Every means of griefing the tank griefers was fixed almost instantly such as driving expensive cars in to tanks to give them bad sport marks and the ability to snipe tank drivers with the heavy rifle were quickly labeled bugs and fixed well before any attempt to fix the tanks themselves.
    It wasn’t until jets took over that tanks got an overhaul, jets only nerfed themselves when players turned their theft from the airbase in to a simple matter and used other game play mechanics to extend their flight time.
    If you requested a one on one death match after getting killed by a jet you spawned in one so players would team up for jet killing sprees, ignore requests from other players but kill their own friends when they were finally downed, creating a griefing loop.

    As for forced player to player interactions, all gameplay content has skewed away from solo play and separate mission instances from the early days and RDRO is a continuation of all the above.

    • Yeah it seems like they are just trying to make GTAO again but with a different skin and no attempt to tap into what people like about RDR2.

      • Oh without a doubt.
        GTAO had time to become the way it is, balanced over time with a steady flow of content until it was barely justifiable.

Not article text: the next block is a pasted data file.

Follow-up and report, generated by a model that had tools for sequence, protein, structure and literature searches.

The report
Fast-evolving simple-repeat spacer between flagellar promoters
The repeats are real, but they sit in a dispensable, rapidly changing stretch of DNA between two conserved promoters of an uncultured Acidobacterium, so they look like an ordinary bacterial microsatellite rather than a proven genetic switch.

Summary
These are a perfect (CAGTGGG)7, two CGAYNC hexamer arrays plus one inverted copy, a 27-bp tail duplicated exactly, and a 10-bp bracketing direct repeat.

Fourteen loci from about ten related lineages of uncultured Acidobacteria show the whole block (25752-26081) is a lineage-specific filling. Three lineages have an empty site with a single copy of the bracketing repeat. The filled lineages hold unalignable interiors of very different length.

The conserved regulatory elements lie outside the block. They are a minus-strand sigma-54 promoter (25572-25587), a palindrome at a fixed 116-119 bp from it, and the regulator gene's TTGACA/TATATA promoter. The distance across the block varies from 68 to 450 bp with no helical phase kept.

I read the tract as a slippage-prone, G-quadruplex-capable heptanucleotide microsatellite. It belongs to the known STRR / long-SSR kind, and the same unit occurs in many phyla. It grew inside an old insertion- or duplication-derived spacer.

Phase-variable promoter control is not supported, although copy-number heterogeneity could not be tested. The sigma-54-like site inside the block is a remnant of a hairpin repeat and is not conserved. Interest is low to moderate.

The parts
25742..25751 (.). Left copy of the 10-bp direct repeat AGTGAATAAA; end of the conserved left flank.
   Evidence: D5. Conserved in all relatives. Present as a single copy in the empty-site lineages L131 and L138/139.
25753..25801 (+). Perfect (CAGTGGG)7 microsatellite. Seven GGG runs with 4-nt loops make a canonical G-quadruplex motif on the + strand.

RDRO just got the existing template transferred over with little to no thought to the difference between flying bikes with gatling guns and hats, belts and horses.
        It’s just X amount of time mitigated by Y amount of money sinks to finally buy Z.
        The complete lack of content just highlights the unfair and heavily manipulated economy pulling all the strings beneath the surface.

        I genuinely thought we would see things like horse drawn carts with mounted guns or upgradeable camp sites as the top end carrots, at least until more substantial options appeared, a slow burn increase like we saw in GTAO instead of the time spent saving for a high end appartment being the same as buying a simple gun or piece of clothing.

  • The game went from one i was most excited to play, to the cold light of reality where the gameplay looks horrible with too big an eye on ‘realism’, a poor save system, a poor fast travel system.
    It simply doesnt look fun at all.

  • I’m playing this at the moment. It’s ok but not brilliant. The world is amazing, but the stuff you do in it… Not so amazing.

    10/10 world containing a 5/10 game.